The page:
Most data scientists’ time is thus consumed by constant gathering of business requirements, understanding the business and wrangling the data from various sources together. What is left of it is spent on model building and debugging, although this is often a tiny percent of overall work. Resulting code is rarely production-grade as data scientists are usually more interested in bumping the model’s performance than refactoring their work to apply software engineering practices (and that is perfectly fine).

That being said, if our end result is good enough, i.e. we finally fulfilled the requirements, know what data we need and which algorithm to train, we need to deploy our solution. However, this often requires a vastly different skill set than the one that a data scientist possesses. This gave birth to the MLOps movement and jobs such as MLOps engineer or machine learning engineer. Shortly speaking, their job is first to make data scientists’ code more stable, robust, maintainable and debuggable and then deploy it somewhere with easy access to compute power with monitoring set up properly. Lastly, the entire process should be automated, reproducible and observable. If you’d like to read more, I partially described it in my article “But what is this Machine Learning Engineer actually doing” a couple years ago (nowadays MLE also spins up all the cloud infrastructure required, as ML Platforms such as Amazon SageMaker matured into approachable and tameable ecosystems).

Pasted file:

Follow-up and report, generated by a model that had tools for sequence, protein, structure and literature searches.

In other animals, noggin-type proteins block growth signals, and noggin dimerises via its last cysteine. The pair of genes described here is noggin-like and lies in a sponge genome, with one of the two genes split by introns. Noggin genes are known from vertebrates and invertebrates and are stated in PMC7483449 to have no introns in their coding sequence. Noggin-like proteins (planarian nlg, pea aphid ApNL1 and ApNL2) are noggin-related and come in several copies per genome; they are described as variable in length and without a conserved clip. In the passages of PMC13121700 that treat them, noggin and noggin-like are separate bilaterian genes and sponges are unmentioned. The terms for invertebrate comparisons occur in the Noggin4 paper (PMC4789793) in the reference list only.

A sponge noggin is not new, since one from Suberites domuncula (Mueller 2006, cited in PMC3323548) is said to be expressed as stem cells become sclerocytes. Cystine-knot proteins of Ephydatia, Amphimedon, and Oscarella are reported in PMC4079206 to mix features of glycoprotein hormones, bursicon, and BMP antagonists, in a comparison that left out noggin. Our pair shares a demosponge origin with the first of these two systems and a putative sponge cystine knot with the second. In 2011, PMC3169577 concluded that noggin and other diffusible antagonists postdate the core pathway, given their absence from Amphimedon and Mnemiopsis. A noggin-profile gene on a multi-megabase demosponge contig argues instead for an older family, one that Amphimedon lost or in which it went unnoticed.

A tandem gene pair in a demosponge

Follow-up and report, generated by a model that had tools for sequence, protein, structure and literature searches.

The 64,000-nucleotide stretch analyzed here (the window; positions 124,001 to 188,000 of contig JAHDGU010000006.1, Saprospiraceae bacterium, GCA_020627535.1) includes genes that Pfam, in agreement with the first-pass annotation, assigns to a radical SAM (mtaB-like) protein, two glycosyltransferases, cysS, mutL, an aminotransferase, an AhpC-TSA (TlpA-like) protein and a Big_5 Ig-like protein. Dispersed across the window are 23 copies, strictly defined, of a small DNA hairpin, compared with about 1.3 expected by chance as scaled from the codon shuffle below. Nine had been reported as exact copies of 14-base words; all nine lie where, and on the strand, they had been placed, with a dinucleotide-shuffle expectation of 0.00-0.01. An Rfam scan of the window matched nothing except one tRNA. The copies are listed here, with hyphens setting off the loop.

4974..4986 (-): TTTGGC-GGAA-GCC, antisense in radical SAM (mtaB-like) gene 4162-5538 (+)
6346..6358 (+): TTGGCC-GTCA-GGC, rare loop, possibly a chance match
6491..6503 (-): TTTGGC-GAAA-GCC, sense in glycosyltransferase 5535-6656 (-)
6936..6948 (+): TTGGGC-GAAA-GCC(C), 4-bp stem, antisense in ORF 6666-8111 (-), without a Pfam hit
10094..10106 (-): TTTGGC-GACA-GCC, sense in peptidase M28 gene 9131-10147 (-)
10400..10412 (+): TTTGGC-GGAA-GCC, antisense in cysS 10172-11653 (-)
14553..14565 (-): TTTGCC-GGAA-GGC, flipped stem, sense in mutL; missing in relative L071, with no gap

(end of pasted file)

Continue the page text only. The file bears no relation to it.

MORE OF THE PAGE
Even though the research phase is complicated and constantly shifts, if we finally get a well- performing algorithm, the steps to create it again can be written down in a detailed manner. Most of the time we will need to recreate (retrain) it many times. We want to feed the algorithm with fresh data points, for example customers’ behavior in a given week, to ensure it takes them into account when making new forecasts. Additionally, when a data scientist has a new idea and wants to create a quick experiment, a slight tweak in the algorithm shouldn’t require days of manual toil from them. The manual work is error-prone and mistakes such as “wrong file as an input” might not be immediately recognized and result in hours of debugging “why did the model degrade its performance”.